How Computers Calculate - the ALU: Crash Course Computer Science #5

  Classroom Resource Information  

Title:

How Computers Calculate - the ALU: Crash Course Computer Science #5

URL:

https://aptv.pbslearningmedia.org/resource/computers-calculate-crash-course-cs/computers-calculate-crash-course-cs/

Content Source:

PBS
Type: Audio/Video

Overview:

This video will talk about a fundamental part of all modern computers. The thing that basically everything else uses - the Arithmetic and Logic Unit (or the ALU). The ALU may not have to most exciting name, but it is the mathematical brain of a computer and is responsible for all the calculations your computer does! And it's actually not that complicated.

Content Standard(s):
Digital Literacy and Computer Science
DLIT (2018)
Grade: 8
6) Describe how algorithmic processes and automation increase efficiency.

Digital Literacy and Computer Science
DLIT (2018)
Grade: 9-12
3) Differentiate between a generalized expression of an algorithm in pseudocode and its concrete implementation in a programming language.

a. Explain that some algorithms do not lead to exact solutions in a reasonable amount of time and thus approximations are acceptable.

b. Compare and contrast the difference between specific control structures such as sequential statements, conditional, iteration, and explain the benefits and drawbacks of choices made.

Examples: Tradeoffs involving implementation, readability, and program performance.

c. Distinguish when a problem solution requires decisions to be made among alternatives, such as selection constructs, or when a solution needs to be iteratively processed to arrive at a result, such as iterative 'loop' constructs or recursion.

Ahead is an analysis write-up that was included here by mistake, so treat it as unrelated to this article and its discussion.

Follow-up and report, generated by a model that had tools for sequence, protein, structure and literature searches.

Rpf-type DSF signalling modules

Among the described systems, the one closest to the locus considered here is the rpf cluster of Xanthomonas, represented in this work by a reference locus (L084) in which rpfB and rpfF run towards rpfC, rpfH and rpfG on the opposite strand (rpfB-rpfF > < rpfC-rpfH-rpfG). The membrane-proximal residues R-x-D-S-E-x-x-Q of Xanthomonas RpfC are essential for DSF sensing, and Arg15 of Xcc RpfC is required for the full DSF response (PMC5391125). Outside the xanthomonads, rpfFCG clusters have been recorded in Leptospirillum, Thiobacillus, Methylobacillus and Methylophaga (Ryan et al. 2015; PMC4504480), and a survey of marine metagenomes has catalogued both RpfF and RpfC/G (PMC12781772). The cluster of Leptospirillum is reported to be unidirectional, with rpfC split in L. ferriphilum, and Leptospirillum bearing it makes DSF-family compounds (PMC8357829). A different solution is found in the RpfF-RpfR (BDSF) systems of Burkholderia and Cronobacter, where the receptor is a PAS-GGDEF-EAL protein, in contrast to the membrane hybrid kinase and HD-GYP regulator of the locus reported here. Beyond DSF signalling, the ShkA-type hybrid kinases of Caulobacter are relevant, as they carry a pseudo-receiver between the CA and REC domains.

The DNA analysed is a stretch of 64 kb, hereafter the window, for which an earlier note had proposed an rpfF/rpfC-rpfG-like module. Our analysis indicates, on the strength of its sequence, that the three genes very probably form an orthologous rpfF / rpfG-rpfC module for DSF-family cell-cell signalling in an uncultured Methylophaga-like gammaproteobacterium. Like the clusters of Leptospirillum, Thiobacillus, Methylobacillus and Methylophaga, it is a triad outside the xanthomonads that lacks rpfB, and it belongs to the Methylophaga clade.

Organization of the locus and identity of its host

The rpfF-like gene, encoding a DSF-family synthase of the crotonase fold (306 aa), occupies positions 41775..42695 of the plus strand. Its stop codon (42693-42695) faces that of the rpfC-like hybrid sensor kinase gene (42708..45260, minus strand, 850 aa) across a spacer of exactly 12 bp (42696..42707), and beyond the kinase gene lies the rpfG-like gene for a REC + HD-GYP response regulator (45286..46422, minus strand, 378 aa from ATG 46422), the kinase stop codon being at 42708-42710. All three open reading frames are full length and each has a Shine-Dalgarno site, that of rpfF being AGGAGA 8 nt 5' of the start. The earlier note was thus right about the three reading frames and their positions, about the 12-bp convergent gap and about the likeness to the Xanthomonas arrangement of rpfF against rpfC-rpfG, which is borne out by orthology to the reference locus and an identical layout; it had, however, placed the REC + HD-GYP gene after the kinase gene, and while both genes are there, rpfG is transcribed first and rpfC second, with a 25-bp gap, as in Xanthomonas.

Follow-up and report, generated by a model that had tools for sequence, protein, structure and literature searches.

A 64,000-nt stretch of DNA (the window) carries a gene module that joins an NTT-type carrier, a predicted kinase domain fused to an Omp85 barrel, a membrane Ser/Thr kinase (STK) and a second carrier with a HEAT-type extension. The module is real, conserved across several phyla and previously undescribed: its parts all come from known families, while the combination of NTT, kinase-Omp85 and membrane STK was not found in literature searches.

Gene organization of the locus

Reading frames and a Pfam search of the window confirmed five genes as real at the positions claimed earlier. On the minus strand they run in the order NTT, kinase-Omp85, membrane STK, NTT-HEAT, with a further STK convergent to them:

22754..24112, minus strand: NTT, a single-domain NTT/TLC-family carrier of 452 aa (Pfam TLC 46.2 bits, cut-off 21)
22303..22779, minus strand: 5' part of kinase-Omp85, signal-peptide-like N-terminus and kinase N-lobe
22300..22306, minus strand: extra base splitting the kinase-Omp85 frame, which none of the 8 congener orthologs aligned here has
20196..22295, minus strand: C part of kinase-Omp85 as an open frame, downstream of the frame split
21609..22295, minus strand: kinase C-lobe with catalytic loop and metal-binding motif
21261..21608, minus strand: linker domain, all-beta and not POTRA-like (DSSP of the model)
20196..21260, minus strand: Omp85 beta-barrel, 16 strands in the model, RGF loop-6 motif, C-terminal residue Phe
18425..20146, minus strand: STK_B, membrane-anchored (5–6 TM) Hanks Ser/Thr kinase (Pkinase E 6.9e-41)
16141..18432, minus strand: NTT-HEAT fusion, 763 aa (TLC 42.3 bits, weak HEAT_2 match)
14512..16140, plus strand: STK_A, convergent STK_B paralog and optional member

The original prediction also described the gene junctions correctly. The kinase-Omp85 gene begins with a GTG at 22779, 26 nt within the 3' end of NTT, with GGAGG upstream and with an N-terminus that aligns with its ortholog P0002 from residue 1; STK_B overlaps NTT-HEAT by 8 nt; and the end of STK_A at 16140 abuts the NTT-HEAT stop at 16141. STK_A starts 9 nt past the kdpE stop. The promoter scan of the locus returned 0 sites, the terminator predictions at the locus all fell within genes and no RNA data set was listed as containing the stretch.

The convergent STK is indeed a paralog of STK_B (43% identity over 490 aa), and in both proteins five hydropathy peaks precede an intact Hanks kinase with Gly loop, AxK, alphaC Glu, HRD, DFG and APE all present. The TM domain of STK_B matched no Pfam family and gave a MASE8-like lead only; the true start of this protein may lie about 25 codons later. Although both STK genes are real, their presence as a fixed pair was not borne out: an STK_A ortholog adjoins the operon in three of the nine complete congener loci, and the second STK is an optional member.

d. Evaluate and select algorithms based on performance, reusability, and ease of implementation.

e. Explain how more than one algorithm may solve the same problem and yet be characterized with different priorities.

Examples: All self-driving cars have a common goal of taking a passenger to a designation but may have different priorities such as safety, speed, or conservation; web search engines have their own algorithms for search with their own priorities.

Digital Literacy and Computer Science
DLIT (2018)
Grade: 9-12
4) Use and adapt classic algorithms to solve computational problems.

Examples: Sorting, searching, shortest path, and data compression.

Tags: algorithm, computing, digital tools, problem, technology
License Type: Custom Permission Type
See Terms: https://www.pbslearningmedia.org/help/terms-of-use/
For full descriptions of license types and a guide to usage, visit :
https://creativecommons.org/licenses
AccessibilityVideo resources: includes closed captioning or subtitles
Comments
  This resource provided by:  
Author: Stephanie Carver